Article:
The money raised by the Pittman-Robertson Act is one of the areas you’re least likely to find sweetheart deals and boondoggles. The money spent on capital improvements due to the act must be spent on property controlled (but not necessarily owned) by the state in question. Grants can be provided by the state to independent third parties, but the way this money is disbursed is tightly controlled, meaning that it’s very difficult to obtain and thus, not an easy target for crony capitalists.

What’s more, the money is not just distributed willy nilly to every state on an equal basis. Instead, it’s apportioned on the basis of how many active hunters and fishermen there are in the state in question. This ensures that the money raised by the tax goes, at least somewhat, back in proportion to the states from which it is raised.

Pittman-Robertson by the Numbers

Different studies show different numbers, but all of the figures are impressive:

  • The United States Fish and Wildlife Service found that Americans spend approximately $10 billion every year on all of the supplies they need for hunting.
  • A study conducted by the Fish and Wildlife Agencies found that hunters were spending somewhere between $2.8 and $5.2 billion every year on taxable items alone. This represents between $177 and $324 million in revenue generated by the Act annually.
  • The National Rifle Association has found that $3.5 million was generated daily to conservation efforts through money spent on taxable goods under the Pittman-Robertson Act. This represents an enormous return on investment for the firearms and hunting industries – on the order of 823 to 1,588 percent annually.

Despite being little known outside of hardcore hunters, the Act raises more money for conservation and restoration than a number of well-know charities dedicated to the same purpose. Greenpeace International had operating expenditures of $96 million in 2017, while the Sierra Club had operating expenditures of $65 million for that same year. It’s not terribly surprising that most of the money raised to protect America’s natural resources and wildlife is done so by the very people who spend the most time in it.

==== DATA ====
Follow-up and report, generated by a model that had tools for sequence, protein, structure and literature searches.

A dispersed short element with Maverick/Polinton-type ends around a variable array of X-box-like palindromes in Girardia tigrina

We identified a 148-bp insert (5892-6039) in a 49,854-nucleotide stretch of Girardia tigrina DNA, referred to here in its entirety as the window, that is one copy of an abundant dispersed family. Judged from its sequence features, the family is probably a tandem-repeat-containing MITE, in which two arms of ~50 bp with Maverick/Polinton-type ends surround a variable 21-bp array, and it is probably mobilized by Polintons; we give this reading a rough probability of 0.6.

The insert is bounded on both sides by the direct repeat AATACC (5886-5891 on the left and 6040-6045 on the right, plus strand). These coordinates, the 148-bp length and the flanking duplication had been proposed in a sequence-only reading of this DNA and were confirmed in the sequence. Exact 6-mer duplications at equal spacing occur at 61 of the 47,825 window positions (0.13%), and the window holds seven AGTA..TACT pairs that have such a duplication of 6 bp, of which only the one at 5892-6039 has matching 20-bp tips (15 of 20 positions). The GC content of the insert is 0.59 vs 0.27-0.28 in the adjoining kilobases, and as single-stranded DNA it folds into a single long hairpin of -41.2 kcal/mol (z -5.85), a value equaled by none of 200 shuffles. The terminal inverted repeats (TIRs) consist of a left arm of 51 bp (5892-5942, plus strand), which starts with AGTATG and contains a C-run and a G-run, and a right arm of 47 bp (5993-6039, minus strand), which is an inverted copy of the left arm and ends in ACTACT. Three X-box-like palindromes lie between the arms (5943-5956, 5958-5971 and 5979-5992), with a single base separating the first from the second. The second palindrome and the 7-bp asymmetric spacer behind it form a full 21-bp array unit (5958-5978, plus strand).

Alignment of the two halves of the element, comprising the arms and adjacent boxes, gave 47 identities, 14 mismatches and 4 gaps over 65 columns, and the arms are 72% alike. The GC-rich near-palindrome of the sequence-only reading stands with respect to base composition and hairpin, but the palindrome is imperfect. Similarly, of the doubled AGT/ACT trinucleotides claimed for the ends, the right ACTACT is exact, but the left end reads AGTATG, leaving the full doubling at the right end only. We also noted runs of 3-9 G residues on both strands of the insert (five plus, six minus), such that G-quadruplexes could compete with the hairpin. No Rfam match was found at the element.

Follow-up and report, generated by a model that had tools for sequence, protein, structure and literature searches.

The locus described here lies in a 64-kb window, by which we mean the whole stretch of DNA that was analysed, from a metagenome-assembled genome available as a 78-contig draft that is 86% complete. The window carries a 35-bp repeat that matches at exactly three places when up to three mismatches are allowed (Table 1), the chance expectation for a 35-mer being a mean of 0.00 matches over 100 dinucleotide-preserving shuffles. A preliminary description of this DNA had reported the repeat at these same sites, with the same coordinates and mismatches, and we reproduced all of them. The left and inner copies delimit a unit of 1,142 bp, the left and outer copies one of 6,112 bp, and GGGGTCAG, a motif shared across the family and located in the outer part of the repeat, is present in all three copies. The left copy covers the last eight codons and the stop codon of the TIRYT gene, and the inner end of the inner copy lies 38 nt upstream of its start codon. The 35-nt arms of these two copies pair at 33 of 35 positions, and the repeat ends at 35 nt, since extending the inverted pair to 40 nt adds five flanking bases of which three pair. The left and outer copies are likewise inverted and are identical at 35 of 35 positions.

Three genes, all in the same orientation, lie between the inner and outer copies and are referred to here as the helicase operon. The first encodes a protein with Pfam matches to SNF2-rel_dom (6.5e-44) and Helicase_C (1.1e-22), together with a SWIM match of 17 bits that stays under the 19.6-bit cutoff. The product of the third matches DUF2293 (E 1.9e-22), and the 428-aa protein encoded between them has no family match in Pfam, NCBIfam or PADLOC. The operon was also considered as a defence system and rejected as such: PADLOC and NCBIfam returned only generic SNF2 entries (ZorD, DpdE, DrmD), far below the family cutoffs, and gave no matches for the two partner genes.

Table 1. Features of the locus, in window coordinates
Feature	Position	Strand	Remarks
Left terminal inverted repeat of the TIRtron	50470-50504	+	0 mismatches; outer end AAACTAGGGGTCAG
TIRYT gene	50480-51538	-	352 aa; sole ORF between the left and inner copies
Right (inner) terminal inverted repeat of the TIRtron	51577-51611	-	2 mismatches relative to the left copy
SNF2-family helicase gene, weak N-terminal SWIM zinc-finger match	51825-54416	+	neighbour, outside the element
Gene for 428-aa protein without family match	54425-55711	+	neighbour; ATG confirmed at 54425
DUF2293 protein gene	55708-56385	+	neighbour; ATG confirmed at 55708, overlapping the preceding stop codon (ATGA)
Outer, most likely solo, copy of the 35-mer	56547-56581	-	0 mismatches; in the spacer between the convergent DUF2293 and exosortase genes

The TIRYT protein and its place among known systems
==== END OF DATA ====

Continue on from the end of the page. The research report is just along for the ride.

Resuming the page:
Because the Act was such a rousing success, it inspired other, similar acts. For example, there is the Federal Aid in Sports Fish Restoration Act (popularly known as the Dingell-Johnson Act) passed in 1950, that effectively is a version of the Pittman-Robertson Act for fishing and waterway conservation and restoration. The Wildlife and Sports Fish Restoration Programs Improvement Act was passed in 2000, by U.S. Representative Don Young of Alaska, who also sat on the National Rifle Association’s Board of Directors. This tightened the ways that the money can be spent and included increased oversight in response to worries about mismanagement of funds. The Target Practice and Marksmanship Training Support Act, passed under President Donald Trump, makes it easier for public gun ranges to be constructed using money provided by Pittman-Robertson.

So remember, every time you go to buy a new weapon or ammunition, you’re helping to support America through Pittman-Robertson. Indeed, many of the wild places and the natural wildlife that you and your family treasure so much might not be there without the large sums of money raised by this Act.

It’s hard to say that there’s such a thing as a “good tax,” but if anything qualifies, it’s the excise tax created by the Pittman-Robertson Act of 1937.

One thought on “The Pittman-Robertson Act: The Forgotten History of the Celebrated Tax on Firearms and Ammo

  1. This tax is more like a surcharge built into the cost of firearms & ammo…unseen but beneficial.
    I’ve supported the notion since I learned of it years ago.